Pulses are the food group that comprises beans, peas, chickpeas, and lentils. To see how these foods might be related to diabetes prevention, researchers analyzed data from 3,349 Spanish adults from the PREDIMED trial. Those eating the most pulses (about ⅓ cup per day) were 35% less likely to get type 2 diabetes over the 4-year study period, even after adjusting for overall diet and BMI. Those eating the most lentils (about 1 ½ tablespoons per day) were 33% less likely to get type 2 diabetes, but the relationship was not significant for other types of pulses. Researchers found that by replacing just a half serving of whole grain bread, white bread, rice, or baked potatoes with a half serving of pulses was linked with a 44%, 47%, 52%, and 51% lower risk of diabetes, respectively.
Clinical Nutrition. 2017 Mar 24. pii: S0261-5614(17)30106-1. (Becerra-Tomas N et al.)

Moderate Alcohol Intake Linked with Lower Risk of Heart Disease

In the UK, moderate alcohol intake is defined by up to 3 drinks per day for men and up to two drinks per day for women. To see how drinking alcohol relates to heart disease risk, British researchers analyzed the drinking habits and health outcomes of nearly 2 million adults (although they did not differentiate between beer, wine, and other alcoholic beverages). They found that, compared to moderate drinking, both nondrinkers and heavy drinkers (exceeding the guidelines described above) were significantly more likely to suffer from heart failure, stroke, and death from heart disease, among other (but not all) heart problems. The scientists caution that “there are safer and more effective ways of reducing cardiovascular risk,” than taking up drinking (such as diet, exercise, and quitting smoking), and suggest that “a more nuanced approach to the role of alcohol in prevention of cardiovascular disease is necessary.”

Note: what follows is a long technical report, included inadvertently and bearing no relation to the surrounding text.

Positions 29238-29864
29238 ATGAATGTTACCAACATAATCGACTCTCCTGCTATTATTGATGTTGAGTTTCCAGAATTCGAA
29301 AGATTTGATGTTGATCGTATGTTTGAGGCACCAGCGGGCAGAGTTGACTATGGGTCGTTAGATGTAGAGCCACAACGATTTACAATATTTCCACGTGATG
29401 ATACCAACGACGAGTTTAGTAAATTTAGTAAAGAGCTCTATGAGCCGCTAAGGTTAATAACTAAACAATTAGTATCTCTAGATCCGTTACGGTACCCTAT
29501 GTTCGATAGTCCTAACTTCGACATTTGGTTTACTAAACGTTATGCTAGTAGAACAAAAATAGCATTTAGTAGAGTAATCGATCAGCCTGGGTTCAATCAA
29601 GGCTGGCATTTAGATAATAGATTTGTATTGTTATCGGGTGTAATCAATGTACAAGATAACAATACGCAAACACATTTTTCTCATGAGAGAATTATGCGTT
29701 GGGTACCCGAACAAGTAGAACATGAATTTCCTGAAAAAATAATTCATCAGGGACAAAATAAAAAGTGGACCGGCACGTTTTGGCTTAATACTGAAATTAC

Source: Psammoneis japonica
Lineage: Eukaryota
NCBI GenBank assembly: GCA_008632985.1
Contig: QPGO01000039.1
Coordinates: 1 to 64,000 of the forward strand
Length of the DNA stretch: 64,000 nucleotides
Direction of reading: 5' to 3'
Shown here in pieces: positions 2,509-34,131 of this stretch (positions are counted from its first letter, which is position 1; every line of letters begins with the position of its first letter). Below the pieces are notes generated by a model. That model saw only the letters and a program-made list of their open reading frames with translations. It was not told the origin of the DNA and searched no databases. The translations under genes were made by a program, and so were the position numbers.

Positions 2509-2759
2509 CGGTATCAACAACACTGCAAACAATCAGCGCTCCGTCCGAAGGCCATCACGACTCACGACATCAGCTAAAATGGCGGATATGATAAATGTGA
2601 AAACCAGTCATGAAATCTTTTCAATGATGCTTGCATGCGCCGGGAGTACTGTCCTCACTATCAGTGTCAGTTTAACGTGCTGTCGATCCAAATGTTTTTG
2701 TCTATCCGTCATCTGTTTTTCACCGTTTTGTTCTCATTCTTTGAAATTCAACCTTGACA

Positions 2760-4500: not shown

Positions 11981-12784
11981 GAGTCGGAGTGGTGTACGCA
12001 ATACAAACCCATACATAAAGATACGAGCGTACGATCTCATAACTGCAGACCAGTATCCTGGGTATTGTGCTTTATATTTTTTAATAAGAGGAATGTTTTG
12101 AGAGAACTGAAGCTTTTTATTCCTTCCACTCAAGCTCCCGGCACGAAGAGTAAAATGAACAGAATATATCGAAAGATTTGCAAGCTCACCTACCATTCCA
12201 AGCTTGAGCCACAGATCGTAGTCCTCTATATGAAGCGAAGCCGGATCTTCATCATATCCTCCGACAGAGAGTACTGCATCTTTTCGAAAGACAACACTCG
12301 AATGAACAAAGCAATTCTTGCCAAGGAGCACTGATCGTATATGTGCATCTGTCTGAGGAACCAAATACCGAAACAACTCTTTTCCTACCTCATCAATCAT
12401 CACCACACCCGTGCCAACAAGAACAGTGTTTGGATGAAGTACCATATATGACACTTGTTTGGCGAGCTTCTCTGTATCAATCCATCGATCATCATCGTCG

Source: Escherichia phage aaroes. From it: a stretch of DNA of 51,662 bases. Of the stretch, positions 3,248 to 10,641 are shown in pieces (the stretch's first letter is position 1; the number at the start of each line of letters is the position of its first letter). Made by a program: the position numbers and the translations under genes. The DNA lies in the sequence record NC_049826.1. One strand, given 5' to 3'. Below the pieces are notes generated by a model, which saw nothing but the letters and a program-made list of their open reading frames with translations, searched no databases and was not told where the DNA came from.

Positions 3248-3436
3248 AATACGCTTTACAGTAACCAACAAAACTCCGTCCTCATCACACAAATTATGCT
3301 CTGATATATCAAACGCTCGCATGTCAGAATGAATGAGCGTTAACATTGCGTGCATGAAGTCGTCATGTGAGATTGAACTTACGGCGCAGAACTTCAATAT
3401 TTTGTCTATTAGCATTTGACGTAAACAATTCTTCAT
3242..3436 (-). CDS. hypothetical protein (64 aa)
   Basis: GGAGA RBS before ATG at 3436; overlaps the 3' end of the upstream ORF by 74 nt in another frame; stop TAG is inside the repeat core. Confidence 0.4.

BMJ. 2017 Mar 22;356:j909. (Bell S et al.)

Whole Foods Plant-Based Diet Can Improve Weight

Plant-based diets, which focus on fruits, vegetables, grains, and pulses, can be a great tool for eating healthy. In a small study in New Zealand, researchers randomly assigned overweight and obese adults to either a whole foods plant-based diet (with vitamin B12 supplementation) or a control group with no special diet for six months. Although the plant-based diet was not calorie restricted, those in the diet group lost on average 24 pounds after one year, and after excluding dropouts (49 of the 65 participants completed the study), the diet group also significantly improved their cholesterol.
Nutrition & Diabetes. 2017 Mar 20;7(3):e256. (Wright N et al.)